Reviewed by Lee Shepherd
Bravo to the “Bolshitzky Ballet” for its marvelous parody of classical ballet Tuesday evening  (April 2) at Binghamton University’s Anderson Center for the Arts.
But looking beyond the tongue-in-cheek satire of classical ballet by the all-male cast dressed in tutus, tights and toe shoes, Les Ballets Trockadero de  Monte Carlo is a troupe of very fine and skilled dancers. With long, slim and elegant legs, coiffed in wigs and lots of makeup, they were given away by a hairy chest on one prima ballerina and hefty shoulders muscles on another.
I was expecting slapstick and broad comedy – what I got was humor; little bits of nonsense that punctuated the performance and were all the funnier for not pervading the entire evening.
Of course, there were the comedy clichés: the black swan shoving the white swan off stage in a fit of limelight-hogging jealousy … a wandering spotlight finding no dancer on stage … the extended curtain call by a diva and the hook that removed her …  infinite trouble with tutus … and references to Gangnam-style and other incongruous types of dance thrown into the mix. There were pratfalls and facial mugging and a drag on an oxygen tank after a particularly difficult pas de deux – you get the idea.
But all that aside, and in between the fol-de-rol, they executed the choreography of the classic Russian ballet with precision and prowess. For long moments, you’d forget this was a group of male dancers, and see only a finely synchronized corps de ballet.
On a personal note, I thought of the premise of the troupe as revenge on the male sex for every little girl (like myself) forced to dance in painful toe shoes. On another personal note, my cellist husband will never again play Saint-Saens’ Le Cygne without seeing a dying swan molting feathers all over the stage.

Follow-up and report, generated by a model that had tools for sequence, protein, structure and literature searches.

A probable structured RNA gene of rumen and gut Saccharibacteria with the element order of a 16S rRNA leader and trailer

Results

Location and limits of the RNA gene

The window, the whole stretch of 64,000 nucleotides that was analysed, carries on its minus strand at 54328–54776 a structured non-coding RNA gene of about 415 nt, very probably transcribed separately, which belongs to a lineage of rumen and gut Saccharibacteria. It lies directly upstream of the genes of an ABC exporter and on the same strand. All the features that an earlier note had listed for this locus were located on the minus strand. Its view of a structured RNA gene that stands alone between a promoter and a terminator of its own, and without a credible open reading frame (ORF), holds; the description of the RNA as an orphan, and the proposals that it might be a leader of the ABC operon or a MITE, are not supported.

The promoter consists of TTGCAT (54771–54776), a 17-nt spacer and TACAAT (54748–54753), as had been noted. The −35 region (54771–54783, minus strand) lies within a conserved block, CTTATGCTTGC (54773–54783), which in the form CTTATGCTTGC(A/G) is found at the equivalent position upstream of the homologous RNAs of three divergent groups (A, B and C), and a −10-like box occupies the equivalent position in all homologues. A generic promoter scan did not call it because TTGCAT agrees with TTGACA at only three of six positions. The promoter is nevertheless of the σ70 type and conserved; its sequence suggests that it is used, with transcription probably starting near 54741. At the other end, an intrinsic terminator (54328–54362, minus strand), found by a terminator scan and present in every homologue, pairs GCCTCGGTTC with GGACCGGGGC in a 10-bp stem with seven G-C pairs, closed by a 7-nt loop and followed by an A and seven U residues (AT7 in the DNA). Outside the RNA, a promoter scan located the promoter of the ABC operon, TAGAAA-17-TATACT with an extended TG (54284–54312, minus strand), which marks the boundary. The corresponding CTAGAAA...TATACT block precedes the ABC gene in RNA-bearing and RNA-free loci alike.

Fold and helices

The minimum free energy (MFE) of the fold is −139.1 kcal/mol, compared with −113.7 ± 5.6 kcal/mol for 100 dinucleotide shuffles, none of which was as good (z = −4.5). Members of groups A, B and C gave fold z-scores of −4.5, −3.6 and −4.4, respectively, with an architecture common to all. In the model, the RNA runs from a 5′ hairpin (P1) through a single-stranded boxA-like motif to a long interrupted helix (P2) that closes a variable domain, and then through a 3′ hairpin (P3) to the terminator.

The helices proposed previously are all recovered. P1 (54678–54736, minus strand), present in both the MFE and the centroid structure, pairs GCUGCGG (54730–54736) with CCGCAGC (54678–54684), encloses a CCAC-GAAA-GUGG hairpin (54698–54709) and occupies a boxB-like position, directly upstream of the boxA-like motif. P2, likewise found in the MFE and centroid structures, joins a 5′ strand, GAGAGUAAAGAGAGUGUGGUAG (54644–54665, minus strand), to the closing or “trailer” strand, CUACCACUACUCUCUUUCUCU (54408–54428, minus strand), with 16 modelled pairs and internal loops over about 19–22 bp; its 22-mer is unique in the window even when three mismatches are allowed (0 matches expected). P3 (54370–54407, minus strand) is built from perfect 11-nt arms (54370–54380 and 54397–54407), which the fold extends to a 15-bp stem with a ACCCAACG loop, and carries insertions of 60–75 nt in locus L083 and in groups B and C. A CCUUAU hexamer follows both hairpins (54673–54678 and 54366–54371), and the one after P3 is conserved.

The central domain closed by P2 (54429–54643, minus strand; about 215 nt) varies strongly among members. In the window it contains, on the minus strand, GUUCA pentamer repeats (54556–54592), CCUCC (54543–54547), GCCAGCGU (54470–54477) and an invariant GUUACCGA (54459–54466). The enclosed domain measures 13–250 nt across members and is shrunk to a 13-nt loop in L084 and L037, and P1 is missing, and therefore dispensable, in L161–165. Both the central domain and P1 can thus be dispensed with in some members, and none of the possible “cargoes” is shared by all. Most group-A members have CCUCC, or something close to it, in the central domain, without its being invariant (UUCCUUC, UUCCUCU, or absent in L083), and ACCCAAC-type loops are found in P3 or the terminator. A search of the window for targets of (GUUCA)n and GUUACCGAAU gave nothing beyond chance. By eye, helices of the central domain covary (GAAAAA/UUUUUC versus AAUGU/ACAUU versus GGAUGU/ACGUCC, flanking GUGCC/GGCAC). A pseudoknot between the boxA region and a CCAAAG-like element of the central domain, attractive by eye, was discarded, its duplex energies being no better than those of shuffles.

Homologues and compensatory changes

Les Ballets Trockadero de Monte Carlo, or the Trocks as the troupe is affectionately known, was formed in 1974 by a group of ballet enthusiasts for the purpose of presenting a playful, entertaining parody of classical ballet. Since then, the men have traveled worldwide and established themselves as a major global dance phenomenon.  Company biographies show they hail from Italy, France, South Africa, Cuba, Colombia, Spain and the United States and have trained at the some of the most prestigious dance schools around the globe.
But you have to hunt for their real names in the program. The more prominent “Meet the Artists” section presents: Nadia Doumiafeyva, Lariska Dumbchenko, Nina Immobilashvili, Natalie Kleptopovska, Marina Plezegetovstageskaya and other “notables” of the Russian ballet scene.
The accompanying biographies are a hoot – Moussia Shebarkarova, for example, was “a celebrated child prodigy back in the Brezhnev era, (who) astounded her parents at the age of two by taking a correspondence course in ballet. Sadly, due to the unreliable Russian postal system, she has only just graduated.”
The program itself is an item to treasure, along with the memory of a wonderful evening at the ballet.